The Hermitage is closed for the visitors and guests from 14th November 2017 till 20th February 2018.
For guests we have free guest rooms available. If you like to stay here, please write to us for more information. (Alternative option is also that guests stay nearby overnight, there is a bed and breakfast Obolnar in Dolenja vas, 10min driving or 30min walking from the Hermitage.)
In any case, you are welcome to visit Samaṇadīpa any time for the day, keeping in mind the purpose and tranquil atmosphere of a meditation place. You can also make an appointment to meet the monk on arranged time.
Monks of the Hermitage strictly follow the monastic code (vinaya) as has been laid down by the Buddha. The laypeople who come to the Hermitage are not bound by the rules for monastics. You can interact with them as you would with any friend or acquaintance. However note that,
in addressing a monk, it is generally considered impolite to refer to them directly by name without an appropriate form of address. Any monk can be addressed as “Bhante” (in Pali language) or "Venerable" (in English) or "Častiti" (in Slovenian). Alternatively you can address any monastic who has been ordained for more than ten years as “Ajahn” (in Thai). [Occasioanally you might see in some formal writings "Thera" ("the Elder") and "Bhikkhu" ("a monk" or "a "alms-mendicant", abriviation is "Bh."), however usully we do not use them when we address a monk.];
according to the rules of celibacy, a monk preferably may not sit or talk alone with women in indoor closed areas. The presence of another man is required;
the rules for monks and nuns require that they do not touch members of the opposite sex. No need to feel awkward. If you wish you can greet them by holding your palms together in the praying position;
lay visitors are requested to dress modestly when visiting.
The Guideline for the Resident and Visiting monks
The main purpose of the hermitage is to provide a conducive place for study, practice and realization of the Dhamma (pariyatti, patipatti, pativedha). The emphasis is put on seclusion, simplicity and individual practice. In order to protect such atmosphere, bhikkhus are advised to follow the following guideline:
Monks wishing to stay at Samanadipa are expected to follow the rules of the Patimokkha, especially rules regarding money (Nissagiya Pácittiya 18-20).
It is advised to send prior request to stay here as a guest.
Use of the computer and internet access are limited. Use of mobile phones and personal computers is not encouraged.
Hermits of Samanadipa take also the following Teaching of the Buddha as their main guideline for the monastic life (Extract from Sutta-Nipāta, Tuvaṭaka Sutta (4:14.7-20)):
He should restrain his eyes
and close his ears to village-talk.
He should not be greedy for ﬂavours
and should not consider anything in the world as “mine”.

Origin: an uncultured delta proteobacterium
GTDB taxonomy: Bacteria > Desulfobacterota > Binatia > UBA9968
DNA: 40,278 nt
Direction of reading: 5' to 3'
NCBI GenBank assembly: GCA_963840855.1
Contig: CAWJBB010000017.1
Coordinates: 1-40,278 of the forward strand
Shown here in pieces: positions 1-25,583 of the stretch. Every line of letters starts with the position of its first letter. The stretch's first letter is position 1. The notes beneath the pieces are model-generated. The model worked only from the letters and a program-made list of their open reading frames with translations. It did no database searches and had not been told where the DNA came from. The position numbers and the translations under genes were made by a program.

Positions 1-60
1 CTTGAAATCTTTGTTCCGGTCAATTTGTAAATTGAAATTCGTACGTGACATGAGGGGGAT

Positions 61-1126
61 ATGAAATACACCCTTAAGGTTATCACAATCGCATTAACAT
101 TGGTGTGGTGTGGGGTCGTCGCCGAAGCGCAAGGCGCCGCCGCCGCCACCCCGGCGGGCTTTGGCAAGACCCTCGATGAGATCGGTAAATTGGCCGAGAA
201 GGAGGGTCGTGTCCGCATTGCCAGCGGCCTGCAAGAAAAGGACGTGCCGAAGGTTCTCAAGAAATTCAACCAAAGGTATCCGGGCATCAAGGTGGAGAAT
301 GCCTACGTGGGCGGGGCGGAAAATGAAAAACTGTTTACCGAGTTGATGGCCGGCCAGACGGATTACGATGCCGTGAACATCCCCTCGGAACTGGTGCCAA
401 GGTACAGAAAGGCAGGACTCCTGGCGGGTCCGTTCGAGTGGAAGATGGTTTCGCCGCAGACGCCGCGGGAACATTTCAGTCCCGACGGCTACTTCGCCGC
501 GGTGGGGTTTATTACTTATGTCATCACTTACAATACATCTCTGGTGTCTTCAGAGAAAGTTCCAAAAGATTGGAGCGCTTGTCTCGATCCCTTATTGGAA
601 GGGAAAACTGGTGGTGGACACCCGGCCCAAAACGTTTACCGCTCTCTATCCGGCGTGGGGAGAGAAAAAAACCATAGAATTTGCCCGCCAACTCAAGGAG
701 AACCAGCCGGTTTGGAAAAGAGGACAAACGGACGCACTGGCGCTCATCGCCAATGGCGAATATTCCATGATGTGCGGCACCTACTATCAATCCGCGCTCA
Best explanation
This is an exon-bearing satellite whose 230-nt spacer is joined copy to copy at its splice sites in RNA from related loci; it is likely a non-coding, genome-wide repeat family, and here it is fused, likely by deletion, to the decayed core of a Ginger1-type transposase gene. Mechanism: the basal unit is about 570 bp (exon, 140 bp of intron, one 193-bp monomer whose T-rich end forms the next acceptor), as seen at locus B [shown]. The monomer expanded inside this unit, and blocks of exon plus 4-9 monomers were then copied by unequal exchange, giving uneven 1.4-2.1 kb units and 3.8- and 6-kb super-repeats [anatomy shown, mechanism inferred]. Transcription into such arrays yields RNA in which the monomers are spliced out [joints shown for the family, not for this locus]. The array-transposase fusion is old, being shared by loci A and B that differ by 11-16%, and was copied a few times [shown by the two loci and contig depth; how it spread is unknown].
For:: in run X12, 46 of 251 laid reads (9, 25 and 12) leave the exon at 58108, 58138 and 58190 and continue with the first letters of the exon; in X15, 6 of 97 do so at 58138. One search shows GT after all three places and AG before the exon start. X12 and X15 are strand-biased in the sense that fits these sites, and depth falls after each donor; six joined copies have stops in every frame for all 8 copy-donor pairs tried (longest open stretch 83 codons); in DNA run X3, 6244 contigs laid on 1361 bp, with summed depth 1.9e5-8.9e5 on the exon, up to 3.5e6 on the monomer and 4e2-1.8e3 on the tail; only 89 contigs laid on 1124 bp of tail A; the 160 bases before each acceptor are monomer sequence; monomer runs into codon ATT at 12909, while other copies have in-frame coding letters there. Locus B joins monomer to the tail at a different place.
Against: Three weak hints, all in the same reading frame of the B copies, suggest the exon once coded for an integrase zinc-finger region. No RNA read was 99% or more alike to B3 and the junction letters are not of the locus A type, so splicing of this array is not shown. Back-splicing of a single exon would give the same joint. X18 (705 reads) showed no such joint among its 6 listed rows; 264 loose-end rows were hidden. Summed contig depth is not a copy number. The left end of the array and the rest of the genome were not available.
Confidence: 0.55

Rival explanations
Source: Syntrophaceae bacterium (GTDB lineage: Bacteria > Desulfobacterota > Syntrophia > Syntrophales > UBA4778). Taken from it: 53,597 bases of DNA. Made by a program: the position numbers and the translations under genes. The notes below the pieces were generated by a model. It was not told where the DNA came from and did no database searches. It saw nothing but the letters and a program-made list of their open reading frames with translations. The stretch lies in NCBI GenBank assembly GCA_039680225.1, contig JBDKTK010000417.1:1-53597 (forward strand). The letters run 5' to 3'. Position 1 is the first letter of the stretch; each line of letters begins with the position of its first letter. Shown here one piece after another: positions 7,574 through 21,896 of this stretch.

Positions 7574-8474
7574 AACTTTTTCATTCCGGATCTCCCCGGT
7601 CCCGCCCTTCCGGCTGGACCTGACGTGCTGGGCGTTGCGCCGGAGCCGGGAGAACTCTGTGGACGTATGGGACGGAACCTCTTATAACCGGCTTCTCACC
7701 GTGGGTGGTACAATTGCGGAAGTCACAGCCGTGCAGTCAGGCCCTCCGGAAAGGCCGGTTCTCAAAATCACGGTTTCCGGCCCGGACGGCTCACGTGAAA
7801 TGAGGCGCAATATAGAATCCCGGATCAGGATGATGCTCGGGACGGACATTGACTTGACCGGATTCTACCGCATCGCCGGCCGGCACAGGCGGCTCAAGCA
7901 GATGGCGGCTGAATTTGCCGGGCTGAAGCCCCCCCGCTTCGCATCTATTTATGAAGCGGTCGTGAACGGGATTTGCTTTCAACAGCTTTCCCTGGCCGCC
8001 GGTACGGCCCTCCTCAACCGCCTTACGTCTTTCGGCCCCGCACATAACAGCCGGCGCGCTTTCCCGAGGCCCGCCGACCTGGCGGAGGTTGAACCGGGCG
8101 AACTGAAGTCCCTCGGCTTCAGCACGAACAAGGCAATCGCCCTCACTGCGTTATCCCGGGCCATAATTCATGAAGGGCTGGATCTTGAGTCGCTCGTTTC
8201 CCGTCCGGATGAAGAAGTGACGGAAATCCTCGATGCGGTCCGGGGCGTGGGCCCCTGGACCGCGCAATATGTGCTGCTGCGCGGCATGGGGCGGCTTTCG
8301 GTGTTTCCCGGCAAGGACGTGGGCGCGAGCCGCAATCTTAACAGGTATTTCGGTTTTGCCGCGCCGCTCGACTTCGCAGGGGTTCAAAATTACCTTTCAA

Whatever he experiences,
a monk should not be distressed due to it.
He should not strive after existence,
and he should not be shaken by fears.
things to eat and also clothes:
he should not hoard what he has received
and he should not be upset when not getting any of these.
Meditating instead of roaming around,
refraining from worry,
he should not be negligent.
Also, a monk should dwell in places with little noise.
He should not sleep too much,
he should be devoted to wakefulness, ardent.
He should abandon sexuality, together with
indolence, self-deception, fun and games.
He should not practise magic rituals, the interpretation
of dreams, auspicious signs, and also astrology.
He should not practise animal-communication,
help with fertility or healing.
A monk should not be agitated by criticisms,
or be self-satisﬁed when praised.
He should dispel greed, together with
stinginess, anger and divisive speech.
He should abstain from buying and selling.
A monk should not insult anyone.
He should not linger in the public,
he should not chat to people in the hope for getting something.
A monk should not be a boaster,
he should not speak words carelessly.
He should not practise impudence,
he should not say argumentative things.
Being aware, he should not lie or deceive.
Then also he should not have contempt for others
because of their way of living,
understanding, virtue and rules they follow.
Being provoked, having heard lots of speech
from other contemplatives or ordinary people,
he should not retaliate with harshness,
for those who are peaceful do not make enemies.
Having understood the Dhamma, a monk, making examination,
ever mindful, should train himself.
Having understood that abandoning is peace,
he should not be negligent of the Buddha's message.
Indeed, this unconquered conqueror is one who sees the Dhamma
through his own experience, not by hearsay.
Therefore being heedful and always paying homage,
he should train himself in line with this Blessed One's instructions.